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I was so thankful that I have endured reading the Golden Compass because if I hadn’t, I wouldn’t have known that this was such a superb piece of creation. Surprise, surprise. For the first pages, things are a bit confusing with all the talk of daemons, Dust, Aurora and other weird words that if you’re not patient enough, you’ll just lose it. But Philip’s done a good job in narrating the story that along the way, everything just fell into pieces wonderfully. By the middle part, I felt that I’m already one of the gyptians going with Lyra to the North.
There are a lot of things that I love about the book. I love the idea of the steampunk and how it basically controls the whole plot of The Golden Compass. I love the characters especially Lyra, Farder Coram, Lord Faa, Lee Scoresby, Serafina and most of all, Iorek Byrnison. Lyra’s tough, wild and an occasional liar yet loyal, compassionate and brave… a heroine through and through. While Lord Faa and Farder Coram gave me impressions of security and leadership. And then, there’s Iorek Byrnison…OMG, he is the Zeus of all bears (as in literally) with his dangerous aura, muscle prowess and rogue ways. Who would have ever thought that a gigantic of a bear is something to admire? But yes, he is. Take my word for it. Philip Pullman’s characters are so well developed that they’re mirrors of parts of our personalities.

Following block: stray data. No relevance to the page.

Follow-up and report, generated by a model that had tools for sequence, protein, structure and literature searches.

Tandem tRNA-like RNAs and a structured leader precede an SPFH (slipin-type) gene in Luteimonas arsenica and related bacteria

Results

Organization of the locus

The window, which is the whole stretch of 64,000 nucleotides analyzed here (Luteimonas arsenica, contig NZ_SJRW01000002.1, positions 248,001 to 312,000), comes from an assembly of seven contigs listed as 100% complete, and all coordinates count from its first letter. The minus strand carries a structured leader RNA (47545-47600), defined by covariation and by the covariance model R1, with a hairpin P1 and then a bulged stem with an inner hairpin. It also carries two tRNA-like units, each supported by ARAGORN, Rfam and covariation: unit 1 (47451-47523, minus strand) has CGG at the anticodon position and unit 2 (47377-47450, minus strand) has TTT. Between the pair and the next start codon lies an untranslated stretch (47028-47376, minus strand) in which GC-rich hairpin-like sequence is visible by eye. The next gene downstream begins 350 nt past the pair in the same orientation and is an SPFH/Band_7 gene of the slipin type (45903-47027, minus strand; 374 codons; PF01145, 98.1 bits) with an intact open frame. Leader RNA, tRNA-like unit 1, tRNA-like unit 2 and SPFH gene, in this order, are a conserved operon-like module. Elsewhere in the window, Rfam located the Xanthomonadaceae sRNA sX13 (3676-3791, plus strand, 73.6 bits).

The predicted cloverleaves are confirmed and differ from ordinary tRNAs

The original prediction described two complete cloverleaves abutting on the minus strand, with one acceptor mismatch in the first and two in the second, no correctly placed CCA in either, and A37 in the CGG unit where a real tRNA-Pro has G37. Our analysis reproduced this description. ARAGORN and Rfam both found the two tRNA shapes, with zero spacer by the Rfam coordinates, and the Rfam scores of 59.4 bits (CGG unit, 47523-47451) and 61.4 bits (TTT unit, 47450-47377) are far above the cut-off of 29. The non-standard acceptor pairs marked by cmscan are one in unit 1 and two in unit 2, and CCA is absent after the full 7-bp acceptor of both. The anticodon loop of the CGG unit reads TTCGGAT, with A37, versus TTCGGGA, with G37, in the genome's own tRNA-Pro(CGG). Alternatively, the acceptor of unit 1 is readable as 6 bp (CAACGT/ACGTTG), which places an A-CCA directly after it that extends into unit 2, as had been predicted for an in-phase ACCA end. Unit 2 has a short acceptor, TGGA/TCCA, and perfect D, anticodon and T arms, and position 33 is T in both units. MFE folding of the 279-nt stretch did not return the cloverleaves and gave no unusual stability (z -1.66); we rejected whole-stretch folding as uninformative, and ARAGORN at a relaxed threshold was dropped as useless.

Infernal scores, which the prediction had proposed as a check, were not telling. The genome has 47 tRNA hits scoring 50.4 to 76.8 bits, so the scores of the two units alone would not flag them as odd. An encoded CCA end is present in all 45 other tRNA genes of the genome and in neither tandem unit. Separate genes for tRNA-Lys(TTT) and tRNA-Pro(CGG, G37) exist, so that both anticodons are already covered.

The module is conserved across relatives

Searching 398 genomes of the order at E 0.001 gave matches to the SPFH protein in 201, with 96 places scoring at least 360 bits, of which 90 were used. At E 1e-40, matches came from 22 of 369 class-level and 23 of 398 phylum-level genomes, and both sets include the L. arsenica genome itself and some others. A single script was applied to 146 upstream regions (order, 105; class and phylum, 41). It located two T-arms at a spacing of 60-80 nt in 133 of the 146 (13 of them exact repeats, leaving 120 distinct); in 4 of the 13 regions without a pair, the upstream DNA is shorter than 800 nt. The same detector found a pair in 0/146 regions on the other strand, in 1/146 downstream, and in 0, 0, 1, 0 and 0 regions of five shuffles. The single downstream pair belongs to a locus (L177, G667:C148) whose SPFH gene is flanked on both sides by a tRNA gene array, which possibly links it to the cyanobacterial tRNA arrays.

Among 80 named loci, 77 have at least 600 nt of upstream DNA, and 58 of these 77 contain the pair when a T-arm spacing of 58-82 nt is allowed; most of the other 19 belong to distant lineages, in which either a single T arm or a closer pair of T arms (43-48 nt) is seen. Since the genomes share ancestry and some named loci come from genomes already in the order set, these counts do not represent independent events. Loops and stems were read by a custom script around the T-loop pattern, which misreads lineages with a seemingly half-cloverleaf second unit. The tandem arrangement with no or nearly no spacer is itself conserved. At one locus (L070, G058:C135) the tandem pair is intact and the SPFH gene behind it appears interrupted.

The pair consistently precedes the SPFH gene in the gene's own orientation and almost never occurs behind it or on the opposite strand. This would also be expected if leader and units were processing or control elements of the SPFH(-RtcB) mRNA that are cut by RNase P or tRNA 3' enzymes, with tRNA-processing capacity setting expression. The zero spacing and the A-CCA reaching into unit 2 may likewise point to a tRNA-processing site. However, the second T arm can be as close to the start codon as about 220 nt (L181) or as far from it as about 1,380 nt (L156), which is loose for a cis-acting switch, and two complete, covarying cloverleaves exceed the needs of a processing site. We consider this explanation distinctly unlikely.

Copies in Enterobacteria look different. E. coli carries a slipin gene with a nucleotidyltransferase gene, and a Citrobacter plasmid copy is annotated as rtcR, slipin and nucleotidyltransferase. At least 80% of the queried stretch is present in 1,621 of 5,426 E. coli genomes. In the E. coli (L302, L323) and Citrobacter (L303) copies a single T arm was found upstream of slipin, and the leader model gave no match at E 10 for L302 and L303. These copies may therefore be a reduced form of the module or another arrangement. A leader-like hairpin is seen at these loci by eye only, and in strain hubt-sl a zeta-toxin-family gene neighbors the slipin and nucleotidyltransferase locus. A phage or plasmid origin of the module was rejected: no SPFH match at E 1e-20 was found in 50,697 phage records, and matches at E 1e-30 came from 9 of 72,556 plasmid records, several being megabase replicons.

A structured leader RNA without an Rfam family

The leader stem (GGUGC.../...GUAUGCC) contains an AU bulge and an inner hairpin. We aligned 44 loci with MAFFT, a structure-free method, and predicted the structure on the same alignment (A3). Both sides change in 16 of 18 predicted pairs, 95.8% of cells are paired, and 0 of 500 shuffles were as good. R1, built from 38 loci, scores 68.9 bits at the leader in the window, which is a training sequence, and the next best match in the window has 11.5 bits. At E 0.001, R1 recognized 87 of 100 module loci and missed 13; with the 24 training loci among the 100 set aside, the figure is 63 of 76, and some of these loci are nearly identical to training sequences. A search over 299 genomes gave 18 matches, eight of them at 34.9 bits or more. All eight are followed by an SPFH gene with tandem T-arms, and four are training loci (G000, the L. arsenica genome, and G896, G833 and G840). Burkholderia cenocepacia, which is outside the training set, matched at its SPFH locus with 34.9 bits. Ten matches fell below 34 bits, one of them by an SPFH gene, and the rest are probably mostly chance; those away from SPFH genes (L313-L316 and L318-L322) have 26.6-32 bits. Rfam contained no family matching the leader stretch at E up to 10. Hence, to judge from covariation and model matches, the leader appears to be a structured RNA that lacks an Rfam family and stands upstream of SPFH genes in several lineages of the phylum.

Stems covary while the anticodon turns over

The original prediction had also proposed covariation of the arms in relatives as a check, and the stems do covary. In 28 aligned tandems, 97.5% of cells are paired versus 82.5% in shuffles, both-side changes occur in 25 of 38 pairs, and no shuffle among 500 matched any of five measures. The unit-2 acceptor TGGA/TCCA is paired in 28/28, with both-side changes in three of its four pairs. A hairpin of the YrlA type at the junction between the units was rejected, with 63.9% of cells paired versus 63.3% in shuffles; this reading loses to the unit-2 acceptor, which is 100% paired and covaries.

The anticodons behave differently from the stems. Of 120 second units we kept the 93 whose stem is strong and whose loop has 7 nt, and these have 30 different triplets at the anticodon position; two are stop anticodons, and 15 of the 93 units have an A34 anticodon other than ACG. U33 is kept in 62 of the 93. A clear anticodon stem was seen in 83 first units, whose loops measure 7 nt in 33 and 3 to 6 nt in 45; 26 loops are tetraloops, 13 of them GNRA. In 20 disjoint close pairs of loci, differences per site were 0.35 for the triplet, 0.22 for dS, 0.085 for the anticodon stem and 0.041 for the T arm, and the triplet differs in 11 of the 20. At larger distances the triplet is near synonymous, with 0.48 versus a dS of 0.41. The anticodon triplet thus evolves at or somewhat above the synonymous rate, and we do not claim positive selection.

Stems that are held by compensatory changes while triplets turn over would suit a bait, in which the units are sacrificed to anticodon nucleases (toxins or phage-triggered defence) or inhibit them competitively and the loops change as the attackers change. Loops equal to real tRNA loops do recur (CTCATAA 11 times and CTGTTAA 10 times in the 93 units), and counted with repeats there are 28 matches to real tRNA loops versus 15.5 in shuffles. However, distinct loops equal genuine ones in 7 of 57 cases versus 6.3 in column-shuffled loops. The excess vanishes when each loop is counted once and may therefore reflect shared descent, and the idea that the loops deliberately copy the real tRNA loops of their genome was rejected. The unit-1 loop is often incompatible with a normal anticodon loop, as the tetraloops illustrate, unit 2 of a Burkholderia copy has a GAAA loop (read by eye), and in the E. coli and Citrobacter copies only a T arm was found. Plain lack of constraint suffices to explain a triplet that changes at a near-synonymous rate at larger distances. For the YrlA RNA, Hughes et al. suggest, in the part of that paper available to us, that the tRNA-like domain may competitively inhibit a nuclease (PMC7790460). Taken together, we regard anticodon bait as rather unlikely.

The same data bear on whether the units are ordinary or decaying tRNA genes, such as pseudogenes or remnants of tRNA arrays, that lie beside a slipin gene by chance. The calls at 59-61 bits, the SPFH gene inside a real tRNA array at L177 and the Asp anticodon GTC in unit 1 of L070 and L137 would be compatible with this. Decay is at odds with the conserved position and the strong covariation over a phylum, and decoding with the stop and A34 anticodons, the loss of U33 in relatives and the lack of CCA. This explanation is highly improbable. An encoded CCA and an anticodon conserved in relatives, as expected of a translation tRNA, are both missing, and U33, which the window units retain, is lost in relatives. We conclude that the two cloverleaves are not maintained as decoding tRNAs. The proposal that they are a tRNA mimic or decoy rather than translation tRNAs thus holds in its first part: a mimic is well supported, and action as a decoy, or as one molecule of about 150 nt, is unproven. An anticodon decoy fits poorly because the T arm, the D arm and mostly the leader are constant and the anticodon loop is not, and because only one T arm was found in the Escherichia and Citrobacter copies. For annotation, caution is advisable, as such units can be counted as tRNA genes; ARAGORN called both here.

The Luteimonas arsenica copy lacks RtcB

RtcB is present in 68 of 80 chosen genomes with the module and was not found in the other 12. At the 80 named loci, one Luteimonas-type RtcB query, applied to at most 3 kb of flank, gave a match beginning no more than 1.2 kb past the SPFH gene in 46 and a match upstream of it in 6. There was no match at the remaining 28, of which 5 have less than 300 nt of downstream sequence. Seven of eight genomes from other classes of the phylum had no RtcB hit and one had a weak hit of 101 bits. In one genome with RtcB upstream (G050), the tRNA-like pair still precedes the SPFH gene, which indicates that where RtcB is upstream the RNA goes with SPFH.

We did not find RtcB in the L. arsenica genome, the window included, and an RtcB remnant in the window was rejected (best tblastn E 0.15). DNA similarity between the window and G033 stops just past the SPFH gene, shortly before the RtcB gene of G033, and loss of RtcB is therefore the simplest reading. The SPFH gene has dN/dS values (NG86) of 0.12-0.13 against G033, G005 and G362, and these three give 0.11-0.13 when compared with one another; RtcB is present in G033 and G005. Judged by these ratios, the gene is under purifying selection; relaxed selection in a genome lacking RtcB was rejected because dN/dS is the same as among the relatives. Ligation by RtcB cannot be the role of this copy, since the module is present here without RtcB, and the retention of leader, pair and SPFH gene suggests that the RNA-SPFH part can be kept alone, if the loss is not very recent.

The Golden Compass also creates a very vivid setting for the story, not too farfetched (though I thought of the contrary a year ago) but totally different. The plot was even more riveting: it talks about death, the good and evil, the beginning of sin, the abuse of children which actually disturbed me and most of all, its daredevil move to drag show the Church in another light was simply fascinating. There were heart-wrenching scenes that I found my inner self shouting for the villain’s condemnation in hell. There were also parts of the book that would make your adrenaline pump with suspense as the heroine tries to outlast the villains.
However, I have a few regrets with this book. One is that Lyra doesn’t seem to suffer from being abandoned by her parents. I didn’t feel that she grieved for the years being parentless. I mean it’s kind of weird since Lyra was able to display deep emotional attachment for people she cared about. I was just hoping that there should have been a bit of drama about it. And the second thing is that at the end of the book, the important characters were suddenly left out without giving the readers an inkling of what happened to them. Lyra did not even think about them that much.
On an overall note, this book is a delightful portal for those who wanted to explore different worlds in one package. Read it now!